Some general ideas to think about:

When:

  • If your child is having some oral intake food, try to brush his/ her mouth and teeth after each meal. Make brushing part of the daily routine.
  • If your child is only tube fed, bacteria will still gather on the teeth. Brushing is still recommended at least twice a day, morning and night.
  • Going to bed with a clean mouth and teeth is important.

With:

  • Use a soft toothbrush with a small head. Multiple sided toothbrushes are also available.
  • Use a new toothbrush every 3 months. The change of season is a good way to remember when to change your child’s toothbrush. 
  • Do not share toothbrushes, as this spreads bacteria.
  • Store toothbrushes in a dry warm place.
  • If tolerated, use a toothpaste with a higher strength of fluoride for added protection:
  •  for children under 6 years of age, use a smear of adult toothpaste on the brush.

  • for children older than 6 years of age, use a pea-sized amount of adult strength toothpaste.  
  • If sensitive to taste, try a flavourless toothpaste.
  • If foam is an issue, try a low foaming toothpaste variety.
  • If your child can swallow safely, spitting the toothpaste out after brushing is not necessary.
  • Try using an oral swab or toothbrush dipped in mouthwash to give a quick rinse following meals.  

How:

  • When brushing, scrub the biting surfaces of the teeth. Then brush the sides of the teeth using a circular motion at the gum line. If the gums bleed, it is a sign that they are not healthy, so please clean this area regularly rather than avoid it.
  • Brush the top of the tongue gently. There are special tongue cleaners available.
  • Brush for two minutes. An egg timer is a good way for you and your child to keep track of time.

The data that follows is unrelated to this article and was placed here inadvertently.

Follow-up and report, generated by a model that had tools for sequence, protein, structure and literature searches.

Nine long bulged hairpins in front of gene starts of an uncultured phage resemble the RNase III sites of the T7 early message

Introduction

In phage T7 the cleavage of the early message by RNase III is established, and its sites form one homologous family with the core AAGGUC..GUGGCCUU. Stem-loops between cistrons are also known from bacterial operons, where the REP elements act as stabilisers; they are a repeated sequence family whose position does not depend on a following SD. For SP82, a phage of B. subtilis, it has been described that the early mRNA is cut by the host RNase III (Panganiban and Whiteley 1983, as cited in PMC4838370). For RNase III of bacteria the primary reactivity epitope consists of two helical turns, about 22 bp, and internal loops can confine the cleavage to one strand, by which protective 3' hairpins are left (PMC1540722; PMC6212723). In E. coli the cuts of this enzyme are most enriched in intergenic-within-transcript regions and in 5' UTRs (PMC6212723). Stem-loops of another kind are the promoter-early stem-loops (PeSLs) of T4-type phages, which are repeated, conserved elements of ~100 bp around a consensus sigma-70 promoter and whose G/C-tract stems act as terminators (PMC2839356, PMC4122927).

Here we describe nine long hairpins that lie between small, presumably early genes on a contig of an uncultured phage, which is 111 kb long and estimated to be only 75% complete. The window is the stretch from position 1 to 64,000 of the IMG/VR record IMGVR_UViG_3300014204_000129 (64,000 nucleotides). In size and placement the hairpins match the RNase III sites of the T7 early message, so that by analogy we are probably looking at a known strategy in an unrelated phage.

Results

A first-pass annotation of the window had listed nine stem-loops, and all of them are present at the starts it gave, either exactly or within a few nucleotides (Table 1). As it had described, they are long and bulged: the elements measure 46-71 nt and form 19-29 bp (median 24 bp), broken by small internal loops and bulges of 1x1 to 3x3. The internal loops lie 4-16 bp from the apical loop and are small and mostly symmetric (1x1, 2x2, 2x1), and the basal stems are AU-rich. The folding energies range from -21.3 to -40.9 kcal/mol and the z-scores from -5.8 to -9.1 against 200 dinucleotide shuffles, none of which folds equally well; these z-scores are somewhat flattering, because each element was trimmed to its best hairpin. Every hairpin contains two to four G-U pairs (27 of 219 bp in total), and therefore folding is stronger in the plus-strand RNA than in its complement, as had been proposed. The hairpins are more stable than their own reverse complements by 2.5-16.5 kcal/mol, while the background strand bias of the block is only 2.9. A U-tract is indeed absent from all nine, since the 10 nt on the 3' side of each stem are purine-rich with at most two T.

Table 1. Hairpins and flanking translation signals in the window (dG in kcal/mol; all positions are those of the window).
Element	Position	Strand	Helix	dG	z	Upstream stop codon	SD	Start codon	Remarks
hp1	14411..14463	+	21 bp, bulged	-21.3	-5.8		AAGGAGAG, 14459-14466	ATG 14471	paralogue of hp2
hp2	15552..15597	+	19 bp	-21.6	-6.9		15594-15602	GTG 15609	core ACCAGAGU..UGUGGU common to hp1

• Tooth brushing is 90% of the battle! Flossing is the ‘icing on the cake’ but may be too difficult to fit into the daily routine.
  • Have a routine for oral care.

Tips to help with your routine for oral care:

  • Do something nice and relaxing before and after oral care.
  • Choose a place where you and your child are comfortable, it does not have to be in the bathroom over a sink.
  • Avoid bright lights in your child’s eyes, but make sure there is enough light for you to see inside your child’s mouth.
  • Use your child’s favourite song or TV show, maybe a toy to hold, or tell a funny story to help your child relax.

  • Use the ‘Tell-Show-Do" approach to help your child understand the process. Tell your child what you are going to do, show how you’re going to do each step and then do each step in the same way you have shown. You can use words, pictures, signs, gestures, touch or any other clues to help your child understand the routine.

  • Give your child the toothbrush to hold and if possible brush their teeth together.

  • Give your child lots of encouragement for good behaviour before, during and after oral care.

Remember:

Oral health care is as important for children who are fed by a tube as it is for children who eat and drink by mouth.

  • If you have concerns about your child’s swallow, you should ask for advice on how to best clean your child’s teeth and mouth from a dentist or speech pathologist.
  • Clean your child’s mouth at least twice a day for two minutes. Make sure one of those times is just before bed. Clean more often if you have been advised to do so by your child’s dentist.
  • Regular check-ups every 6 months with your child’s dentist will help find any problems early.
  • Your child’s speech pathologist can help make the experience of oral health care more pleasant for you and your child. 

This factsheet was developed by Paediatric Dentists and Speech Pathologists at the Children’s Hospital Westmead.

References:

Novita Children’s Services

Scope Dental Health Services Victoria

California Childcare Health Program 

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The Children's Hospital at Westmead
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Sydney Children's Hospital, Randwick
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Hunter New England Kids Health
www.hnekidshealth.nsw.gov.au